Buying cows, as suggested above, may make sense depending upon forage availability and annual cow costs. Prices for 500-600 lb. steer calves in Nebraska in the fall of 2010 are forecasted to be $115-130/cwt, and potential exists for higher prices in future years if beef demand improves. This suggests possible revenue of about $600/head after adjusting for weaning rates and split steer/heifer calf sales. Annual cow ownership costs may be about $90/head, figuring paying $1200/head for the bred cow and selling it for a cull value of $560/head in seven years. Non-ownership cash costs (e.g., feed, health, equipment, etc.) for maintaining the cow in the herd for one year are likely between $500-550/head per year for the typical, or average, Nebraska operation. So, this could quickly become a breakeven scenario: cash costs and cow ownership costs could meet (or exceed) calf revenue. Buying those cows still might be worth consideration though. Cheaper feeding costs would significantly lower breakevens. Additionally, cow ownership costs may be averaged across the herd for a lower average cost per cow. More bullish outlook on calf prices for 2010 and beyond also could make that $1200/head bred cow purchase look more attractive.

As with every management decision, there are some risks involved in whether to buy or sell cows, but there are potential and realistic rewards too. One thing is probably for certain though: even the rancher that bought the $165 cow in 1960 wasn’t sure at the time if it would turn out to be profitable.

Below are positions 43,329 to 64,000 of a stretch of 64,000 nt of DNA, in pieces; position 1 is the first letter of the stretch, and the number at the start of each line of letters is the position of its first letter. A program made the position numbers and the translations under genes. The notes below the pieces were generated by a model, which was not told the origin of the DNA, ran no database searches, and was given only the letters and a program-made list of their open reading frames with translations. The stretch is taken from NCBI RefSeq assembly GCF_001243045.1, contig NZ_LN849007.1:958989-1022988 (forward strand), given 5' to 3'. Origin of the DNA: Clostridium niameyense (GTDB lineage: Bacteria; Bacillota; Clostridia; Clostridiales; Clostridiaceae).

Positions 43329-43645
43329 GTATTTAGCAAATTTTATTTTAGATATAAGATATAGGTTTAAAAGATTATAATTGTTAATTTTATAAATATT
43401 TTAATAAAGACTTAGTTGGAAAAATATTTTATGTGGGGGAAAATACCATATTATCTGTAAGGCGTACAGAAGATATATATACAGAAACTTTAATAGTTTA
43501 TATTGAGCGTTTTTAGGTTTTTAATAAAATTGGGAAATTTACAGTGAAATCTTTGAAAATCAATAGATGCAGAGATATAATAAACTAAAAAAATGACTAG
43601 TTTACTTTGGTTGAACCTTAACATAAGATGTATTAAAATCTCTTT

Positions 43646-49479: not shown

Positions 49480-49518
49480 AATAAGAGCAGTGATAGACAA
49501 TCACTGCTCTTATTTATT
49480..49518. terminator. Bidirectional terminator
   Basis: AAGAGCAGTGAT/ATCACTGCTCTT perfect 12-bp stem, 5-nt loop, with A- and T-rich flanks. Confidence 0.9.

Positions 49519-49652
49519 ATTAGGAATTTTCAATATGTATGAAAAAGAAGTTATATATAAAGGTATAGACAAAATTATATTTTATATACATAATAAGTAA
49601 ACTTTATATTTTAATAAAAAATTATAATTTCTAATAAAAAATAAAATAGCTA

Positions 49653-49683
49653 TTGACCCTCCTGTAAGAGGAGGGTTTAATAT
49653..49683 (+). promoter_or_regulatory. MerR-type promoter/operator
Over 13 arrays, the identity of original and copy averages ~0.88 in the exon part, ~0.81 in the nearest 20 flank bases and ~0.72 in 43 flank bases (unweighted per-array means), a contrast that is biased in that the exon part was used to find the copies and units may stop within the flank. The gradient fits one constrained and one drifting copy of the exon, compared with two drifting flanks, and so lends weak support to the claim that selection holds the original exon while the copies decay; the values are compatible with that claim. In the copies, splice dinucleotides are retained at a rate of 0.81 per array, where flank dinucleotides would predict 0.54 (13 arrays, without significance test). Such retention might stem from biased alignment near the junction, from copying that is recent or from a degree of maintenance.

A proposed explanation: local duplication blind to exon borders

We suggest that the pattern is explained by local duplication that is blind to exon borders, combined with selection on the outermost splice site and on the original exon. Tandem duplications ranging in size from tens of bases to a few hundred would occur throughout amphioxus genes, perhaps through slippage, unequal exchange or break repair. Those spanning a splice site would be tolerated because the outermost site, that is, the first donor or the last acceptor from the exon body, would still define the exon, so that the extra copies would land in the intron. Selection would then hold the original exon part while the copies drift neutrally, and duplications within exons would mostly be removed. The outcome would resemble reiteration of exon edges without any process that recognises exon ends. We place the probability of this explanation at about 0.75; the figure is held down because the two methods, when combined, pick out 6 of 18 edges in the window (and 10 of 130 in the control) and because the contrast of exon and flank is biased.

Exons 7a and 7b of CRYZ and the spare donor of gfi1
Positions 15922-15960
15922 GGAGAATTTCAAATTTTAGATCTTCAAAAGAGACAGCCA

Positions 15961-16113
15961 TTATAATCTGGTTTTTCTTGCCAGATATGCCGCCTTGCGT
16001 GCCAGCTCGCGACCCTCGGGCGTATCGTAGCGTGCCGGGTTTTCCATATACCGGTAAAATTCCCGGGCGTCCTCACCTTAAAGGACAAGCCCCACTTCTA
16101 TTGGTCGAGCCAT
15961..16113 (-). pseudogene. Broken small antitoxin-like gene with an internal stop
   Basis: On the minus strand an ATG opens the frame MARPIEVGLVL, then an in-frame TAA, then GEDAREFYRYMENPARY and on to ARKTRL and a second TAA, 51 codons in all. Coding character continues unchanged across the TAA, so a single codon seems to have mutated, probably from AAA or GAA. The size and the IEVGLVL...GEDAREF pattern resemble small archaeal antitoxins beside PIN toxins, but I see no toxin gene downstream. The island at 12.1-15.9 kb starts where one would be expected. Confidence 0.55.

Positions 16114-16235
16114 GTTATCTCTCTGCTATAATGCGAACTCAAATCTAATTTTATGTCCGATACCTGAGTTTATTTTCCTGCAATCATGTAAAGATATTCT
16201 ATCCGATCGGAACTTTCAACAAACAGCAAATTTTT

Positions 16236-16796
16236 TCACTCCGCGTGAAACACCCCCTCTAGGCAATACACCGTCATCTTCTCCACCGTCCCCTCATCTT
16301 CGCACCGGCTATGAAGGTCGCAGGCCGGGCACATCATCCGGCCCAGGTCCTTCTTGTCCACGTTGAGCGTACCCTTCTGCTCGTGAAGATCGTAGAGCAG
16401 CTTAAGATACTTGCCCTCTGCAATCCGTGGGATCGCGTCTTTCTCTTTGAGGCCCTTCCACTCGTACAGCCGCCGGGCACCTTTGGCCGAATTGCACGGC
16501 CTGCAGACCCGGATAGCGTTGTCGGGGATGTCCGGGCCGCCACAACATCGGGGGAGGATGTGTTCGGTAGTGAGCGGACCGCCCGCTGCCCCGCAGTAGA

The Markets

In a holiday week marked by blizzard conditions in the Midwest, the 5-Area fed cattle market traded $2/cwt higher last week on a live basis and $3-4/cwt higher on a dressed basis, averaging $84.12/cwt and $135.21/cwt, respectively. Last week, Choice boxed beef averaged $139.06/cwt, up $0.56/cwt from the previous week. The Choice-Select spread narrrowed $1.50 to $5.91/cwt. Feeder cattle markets were lightly tested last week due to the holidays and weather, but Nebraska feeder steers saw prices $1-2/cwt higher. That increase came in spite of a rally in the corn market, which gained $0.17/bu last week. Distillers grain prices were steady to weaker last week. DDGS prices are currently 87 per cent of the price of corn on a dry matter basis, while WDGS prices are trading at 62 per cent of the corn price (dry matter basis).

Cattle or Meat Category

Data Source: USDA AMS Market News
Week of
Week of
Week of
5-Area Fed Steer all grades, live weight, $/cwt $84.12 $82.04 $86.08
all grades, dressed weight, $/cwt $135.21 $131.47 $137.36
Boxed Beef Choice Price, 600-900 lb., $/cwt $139.06 $138.51 $143.49
Choice-Select Spread, $/cwt $5.91 $7.40 $7.94
700-800 lb. Feeder Steer Price Montana 3-market average, $/cwt - - -
Nebraska 7-market average, $/cwt $95.72 $94.39 $96.63
Oklahoma 8-market average, $/cwt - - -
500-600 lb. Feeder Steer Price Montana 3-market average, $/cwt - - -
Nebraska 7-market average, $/cwt $109.39 $107.08 $104.01
Oklahoma 8-market average, $/cwt - - -
Feed Grains Corn, Omaha, NE, $/bu (Thursday) $3.90 $3.73 $3.92
DDGS Price, Nebraska, $/ton $127.50 $128.50 $107.50
WDGS Price, Nebraska, $/ton $35.50 $36.00 $41.13